A magnitude 5.5 earthquake struck western Turkey's Denizli on Wednesday morning.
Turkey's Disaster and Emergency Management Authority (AFAD) said the earthquake struck the Acıpayam district at 9:34 a.m. local time at a depth of 11.3 kilometers. Two aftershocks, measuring magnitudes 4.8 and 4.5 were recorded following the earthquake, reports said. The quake was also felt in the neighboring provinces of Izmir and Antalya.
Denizli Governor Hasan Karahan said three people were hurt by falling bricks and jumping from their balconies.
Acıpayam Mayor Hulusi Şevkan said immediately after the quake that some houses in the town had been damaged. He added that precautions were being taken to avoid further structural damage that may result from aftershocks.
Media reports said some 30 houses, mostly abandoned or decrepit buildings, suffered from cracks. The Turkish Red Crescent set up a mobile kitchen and delivered 240 tents to areas near the epicenter for locals fearing to go back into their residences. Schools in the region were also closed for the day.
The house of Yurducan Arman burned to the ground after the earthquake. The 61-year-old Arman, a resident of Karahöyük, one of the neighborhoods most affected by the tremors, told Anadolu Agency (AA) that she had taken out her goats from her stable next to the house when the earthquake occurred.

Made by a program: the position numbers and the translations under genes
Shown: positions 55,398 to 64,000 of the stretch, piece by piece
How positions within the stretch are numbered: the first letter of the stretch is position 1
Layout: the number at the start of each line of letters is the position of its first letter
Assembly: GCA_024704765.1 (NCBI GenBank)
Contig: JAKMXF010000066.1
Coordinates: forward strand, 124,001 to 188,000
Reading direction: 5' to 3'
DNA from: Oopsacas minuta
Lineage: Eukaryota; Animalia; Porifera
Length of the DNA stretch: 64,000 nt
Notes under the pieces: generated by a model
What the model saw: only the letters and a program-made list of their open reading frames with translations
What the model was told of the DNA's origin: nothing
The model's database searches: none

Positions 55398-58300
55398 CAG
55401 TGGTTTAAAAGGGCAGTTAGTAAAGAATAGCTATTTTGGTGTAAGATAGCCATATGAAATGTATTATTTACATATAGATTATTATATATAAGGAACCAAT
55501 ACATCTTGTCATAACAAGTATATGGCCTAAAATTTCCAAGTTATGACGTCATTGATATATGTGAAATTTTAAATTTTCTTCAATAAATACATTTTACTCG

"I was walking when I felt something like wind blowing. I saw a house and a mosque next to it colliding into each other. I dropped to the ground and saw pieces from roofs falling on the street," she said.
The incident comes almost a month after an earthquake of 5.0 magnitude hit Çanakkale, north of Denizli. It was this year's first major earthquake though no casualties were reported.
Turkey is among the world's most seismically active countries as it is situated on a number of active fault lines. In the most recent earthquake-related disaster, more than 600 people died in October 2011 in the eastern province of Van after a 7.2 magnitude quake and powerful aftershocks. The most potentially devastating fault line in Turkey is the Northern Anatolia Fault (NAF), where the Anatolian and Eurasian plates meet.
Experts predict that a big quake will hit Istanbul in the near future and warn that it might cause more destruction than the 1999 earthquake that killed thousands of people in Kocaeli, Istanbul and other western provinces.
Professor Ziyadin Çakır, head of the Geology Engineering Department of Istanbul Technical University, told AA that epicenter of the Denizli earthquake was not a site known to house a big fault line but it might be followed by a string of aftershocks up to 5.4-magnitude for a few months.
"There are some minor fault lines in the region but the fault line that triggered yesterday's earthquake is not among active fault lines. This may be a slow-moving line generating earthquakes once in 1,000 or 2,000 years," he said.